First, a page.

The best way to paint your floor is to go around the edges with a paint brush. Next, use a roller fitted with an extension pole to tackle the rest of the floor.
If you have toddlers or furry friends with muddy paws, washable paint is for you!
Typically, washable paints are emulsions with a matt finish. They’re more hard-wearing than regular emulsions, so they can cope with hard scrubbing without damaging your paintwork.
Choosing the Best Paint for the Job — Surfaces
This section looks at the best types of paint for each surface.
When painting woodwork, use gloss paint, as they’re incredibly durable and reflect lots of light.
In the past, gloss paints were oil-based and would give off lots of VOCs. Nowadays, gloss paints are mostly water-based, meaning they dry quickly and are less toxic.
Remember, gloss is unforgiving and will show brush marks if not applied correctly, so always use an undercoat.
A quick note about Stains, Varnishes, Lacquers and Polish Wood finishes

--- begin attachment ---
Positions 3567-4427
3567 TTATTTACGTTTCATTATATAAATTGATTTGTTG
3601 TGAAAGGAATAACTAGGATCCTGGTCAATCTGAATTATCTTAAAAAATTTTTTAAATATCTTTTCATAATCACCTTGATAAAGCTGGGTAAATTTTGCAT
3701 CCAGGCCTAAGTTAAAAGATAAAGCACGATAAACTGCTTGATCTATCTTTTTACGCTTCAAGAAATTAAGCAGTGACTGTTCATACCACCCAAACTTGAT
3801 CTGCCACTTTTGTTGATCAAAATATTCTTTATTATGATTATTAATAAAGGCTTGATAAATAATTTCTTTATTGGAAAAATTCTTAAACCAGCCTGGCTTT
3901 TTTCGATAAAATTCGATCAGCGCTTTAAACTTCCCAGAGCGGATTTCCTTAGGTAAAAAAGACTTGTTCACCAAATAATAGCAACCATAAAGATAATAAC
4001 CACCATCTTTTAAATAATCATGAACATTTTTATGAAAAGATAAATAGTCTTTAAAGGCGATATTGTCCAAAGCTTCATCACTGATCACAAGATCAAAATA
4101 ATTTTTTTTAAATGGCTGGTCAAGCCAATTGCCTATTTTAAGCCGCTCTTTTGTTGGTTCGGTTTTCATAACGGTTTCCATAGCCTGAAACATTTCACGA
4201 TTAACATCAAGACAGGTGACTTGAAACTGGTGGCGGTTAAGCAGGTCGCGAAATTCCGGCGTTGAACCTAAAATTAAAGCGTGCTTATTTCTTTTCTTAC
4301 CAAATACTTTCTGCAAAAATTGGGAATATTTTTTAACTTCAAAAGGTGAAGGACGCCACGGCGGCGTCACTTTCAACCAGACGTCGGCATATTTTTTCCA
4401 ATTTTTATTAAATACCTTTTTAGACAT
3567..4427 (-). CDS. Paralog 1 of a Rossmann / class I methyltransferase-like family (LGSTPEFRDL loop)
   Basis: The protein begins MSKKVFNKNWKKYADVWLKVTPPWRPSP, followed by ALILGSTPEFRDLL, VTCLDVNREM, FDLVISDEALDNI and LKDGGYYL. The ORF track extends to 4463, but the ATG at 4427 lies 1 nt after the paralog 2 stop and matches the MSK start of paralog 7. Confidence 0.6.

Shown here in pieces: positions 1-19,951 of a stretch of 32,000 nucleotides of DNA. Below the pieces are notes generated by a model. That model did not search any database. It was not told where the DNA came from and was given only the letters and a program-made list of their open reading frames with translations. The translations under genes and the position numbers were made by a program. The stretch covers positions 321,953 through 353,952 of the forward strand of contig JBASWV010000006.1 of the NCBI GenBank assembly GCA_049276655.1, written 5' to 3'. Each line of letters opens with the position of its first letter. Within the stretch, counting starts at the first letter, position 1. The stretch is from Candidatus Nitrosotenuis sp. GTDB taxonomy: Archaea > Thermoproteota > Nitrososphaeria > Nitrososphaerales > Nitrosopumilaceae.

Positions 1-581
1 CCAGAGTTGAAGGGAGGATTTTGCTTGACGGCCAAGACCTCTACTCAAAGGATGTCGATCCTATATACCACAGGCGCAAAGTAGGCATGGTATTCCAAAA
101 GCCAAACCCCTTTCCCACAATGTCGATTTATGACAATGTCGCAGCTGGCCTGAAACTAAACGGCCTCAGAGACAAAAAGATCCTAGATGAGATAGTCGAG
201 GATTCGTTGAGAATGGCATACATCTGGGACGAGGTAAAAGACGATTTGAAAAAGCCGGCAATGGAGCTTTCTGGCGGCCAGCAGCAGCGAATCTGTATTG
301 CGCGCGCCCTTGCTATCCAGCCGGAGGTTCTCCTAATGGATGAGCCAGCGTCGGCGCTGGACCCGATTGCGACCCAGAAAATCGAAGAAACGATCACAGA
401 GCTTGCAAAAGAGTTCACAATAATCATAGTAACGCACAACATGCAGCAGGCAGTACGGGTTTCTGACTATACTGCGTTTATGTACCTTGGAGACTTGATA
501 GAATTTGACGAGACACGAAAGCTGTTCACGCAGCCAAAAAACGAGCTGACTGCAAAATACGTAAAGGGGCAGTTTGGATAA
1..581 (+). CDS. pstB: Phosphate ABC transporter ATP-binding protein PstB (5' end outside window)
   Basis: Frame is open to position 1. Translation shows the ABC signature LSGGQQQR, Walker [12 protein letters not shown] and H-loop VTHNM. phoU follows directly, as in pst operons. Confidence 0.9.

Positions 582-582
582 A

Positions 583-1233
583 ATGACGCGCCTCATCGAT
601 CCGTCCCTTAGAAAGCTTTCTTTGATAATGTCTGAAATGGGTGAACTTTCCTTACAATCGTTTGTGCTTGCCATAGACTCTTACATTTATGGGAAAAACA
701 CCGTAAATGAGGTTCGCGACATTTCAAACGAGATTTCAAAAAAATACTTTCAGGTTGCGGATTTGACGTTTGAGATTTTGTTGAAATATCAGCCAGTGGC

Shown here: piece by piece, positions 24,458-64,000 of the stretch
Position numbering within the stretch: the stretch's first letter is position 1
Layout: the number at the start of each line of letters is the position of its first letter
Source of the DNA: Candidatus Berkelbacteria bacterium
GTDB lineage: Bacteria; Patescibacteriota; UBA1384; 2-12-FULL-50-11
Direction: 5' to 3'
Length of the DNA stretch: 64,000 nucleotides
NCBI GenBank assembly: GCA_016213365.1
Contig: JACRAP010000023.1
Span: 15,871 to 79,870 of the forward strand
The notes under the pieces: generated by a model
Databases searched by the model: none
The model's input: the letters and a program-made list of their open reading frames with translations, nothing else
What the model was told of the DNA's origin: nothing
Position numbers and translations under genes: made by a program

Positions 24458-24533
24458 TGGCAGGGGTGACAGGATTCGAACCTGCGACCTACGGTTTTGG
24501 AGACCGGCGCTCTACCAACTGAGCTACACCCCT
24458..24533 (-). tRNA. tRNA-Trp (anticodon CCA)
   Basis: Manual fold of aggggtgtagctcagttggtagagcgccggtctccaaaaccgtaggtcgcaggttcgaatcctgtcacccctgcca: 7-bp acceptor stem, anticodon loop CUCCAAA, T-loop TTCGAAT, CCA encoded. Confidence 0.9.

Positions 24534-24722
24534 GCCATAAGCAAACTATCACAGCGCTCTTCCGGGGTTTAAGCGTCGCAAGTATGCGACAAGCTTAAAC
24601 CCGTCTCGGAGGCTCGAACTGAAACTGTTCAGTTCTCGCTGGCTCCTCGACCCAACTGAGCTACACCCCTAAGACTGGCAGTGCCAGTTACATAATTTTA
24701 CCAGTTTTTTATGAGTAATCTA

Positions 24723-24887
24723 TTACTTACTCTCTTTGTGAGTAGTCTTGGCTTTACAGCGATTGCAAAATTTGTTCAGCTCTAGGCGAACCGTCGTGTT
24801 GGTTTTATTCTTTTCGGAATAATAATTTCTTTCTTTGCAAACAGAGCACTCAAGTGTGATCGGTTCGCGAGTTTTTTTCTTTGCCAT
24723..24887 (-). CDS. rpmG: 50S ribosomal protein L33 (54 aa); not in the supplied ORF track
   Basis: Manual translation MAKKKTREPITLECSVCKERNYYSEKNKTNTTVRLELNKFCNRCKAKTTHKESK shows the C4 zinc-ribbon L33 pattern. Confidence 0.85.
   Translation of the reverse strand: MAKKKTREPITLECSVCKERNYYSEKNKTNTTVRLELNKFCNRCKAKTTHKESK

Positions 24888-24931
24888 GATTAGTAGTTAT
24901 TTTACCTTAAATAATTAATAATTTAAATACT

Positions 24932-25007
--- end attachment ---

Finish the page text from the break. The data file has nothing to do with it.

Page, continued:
Once you’ve painted your woodwork, why not go the extra mile and create an exceptional finish? Stains, varnishes, lacquers and polished wood are the four most common finishes for woodwork.
Whether you’re looking to stain a wood floor or upcycle furniture, wood stains are easy to apply, accentuate the wood’s grain and come in various colours. Stains come in both water-based and oil-based variations.
Varnishes are clear, colourless and dry quickly. They’re a great way to create a rigid, transparent finish on any wood. They work particularly well with stains, allowing the stain’s beauty to shine while adding an extra layer of protection.
Vanishes aren’t great for woodwork exposed to weather or extreme temperatures. If you use an oil-based varnish, always work in a well-ventilated area and wear the correct PPE.